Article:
Close to a year’s worth of job hunting, and this is all I get. Bagging groceries. And part time to boot. It’s not so bad. Instead of spending my afternoons watching Jerry Springer and Batman: The Animated Series, I spend it making sure bread doesn’t squished at the bottom of a shopping cart. And, since I’m on my feet for 5 hours out of the day now, I think I’ve begun to lose weight. I’ll be back to my old slim self in no time (although, I haven’t been my old slim self since I was 9). But at least I’m making $6.25 an hour. I’ll be rolling in it come June, when it’s time to start paying my student loans.

And the people I work with are OK. There’s my boss. She seems to be a delightful person. I’ve only been working for about two weeks now, but she strikes me as being one of these people who would rather be your friend than your boss. I’ve never understood that kind of managerial style, because it hurts more when you screw up and your boss comes down on you. Actually, what has me afraid is, now that I’ve been working for a couple weeks, she actually looked over my resume. Word is once again getting out that I have a B.Sc. Last time I had a job and my co-workers found out I was going for a B.Sc., I was turned into Mr. Wizard. I have no desire to be Mr. Wizard again.

Besides my boss, I have two groups of co-workers. First, we have “the elders.” Since I usually work afternoon shifts, these are the people I tend to be working with most of the time. They are a group of grandmotherly ladies, who are just killing time until the C.P.P. kicks in. They are nice, and tend to be tolerant with a new guy like me, just learning the ropes. The second group I have dubbed “the punk-ass teenagers.” These are high schoolers who are doing this as their after-school jobs. They tend to come in around 3 or 4 o’clock, just as my shift is ending. The female punk-ass teenagers seem to be nice enough, but its the men who make my spider-sense tingle. Like every bully who ever beat the crap out of me, they tend to look down their nose at me. I think that they’re just pre-occupied with sizing up the new rooster in the henhouse. Oh, to have raging hormones again!

But if this job is giving me one thing, it’s an appreciation for the life of a super-hero. Very often, it’ll get quite busy, and all 5 tills will be open. One bagger between 5 tills. Oh, how is one supposed to assess where one is needed? Do I go to the till where there are 9 people lined up with baskets? Or the one where there are two full carts? Just when I’ve settled in, I’ll here that cry from a cashier: “Mark! This person needs help out to his/her car!” So, I’ve got to drop everything and help that person out to their car. I come back in, and once again my dilemma begins. Which till gets a bagger, and which doesn’t? Which mother will be stuck bagging her own groceries? Who will live, and who will die? How does Superman do it?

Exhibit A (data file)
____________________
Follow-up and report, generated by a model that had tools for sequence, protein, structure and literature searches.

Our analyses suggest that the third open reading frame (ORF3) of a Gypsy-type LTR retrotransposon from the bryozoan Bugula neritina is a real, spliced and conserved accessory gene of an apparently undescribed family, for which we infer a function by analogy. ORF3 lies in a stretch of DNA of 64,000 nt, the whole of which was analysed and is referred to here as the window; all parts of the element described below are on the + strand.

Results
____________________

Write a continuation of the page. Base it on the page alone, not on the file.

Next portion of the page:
This, in a nutshell, is my job. Whee. Once again, I find myself longing for order. How much so? Well, my sister was looking at her post-secondary options a month or so ago, and left the NAIT calendar lying around. I picked it, and flipped through it. I stopped on, of all things, broadcasting courses. Once again, I briefly flirted with the idea of becoming the Scarecrow professionally. Should I do it? Should I once again become a dark avenger of the airwaves, only this time do it for money? Doesn’t that make me a sell-out?

I feel that this is good for me. Someone once said that before you know who you are, you must first know who you are not. I’m sure a few months of doing something I don’t want to do will help me decide what I want to do a whole lot quicker. Near the end of The Shawshank Redemption, we find Red, one of our main characters, in the exact same situation. A lifer, in his 70’s, finally out on parole. He finds himself in the noble profession of bagging groceries. And, if the irony isn’t enough, he’s living in the exact same place where his friend hanged himself. For a moment, Red ponders going down the same path that his friend went down. But then he remembers that his friend Andy, who escaped a few years earlier, hid a message for him. Red seeks out this message, and finds that it’s an invitation, inviting him to join Andy in Mexico. So, Red boards a bus, and heads to Mexico. As life progresses, I hope I can be like Red. Freedom shouldn’t be a curse. If I don’t like bagging groceries, I can do something else, and I’ve already begun formulating “the plan.” There’s one thing I know for sure, and that is that bagging groceries is only a beginning.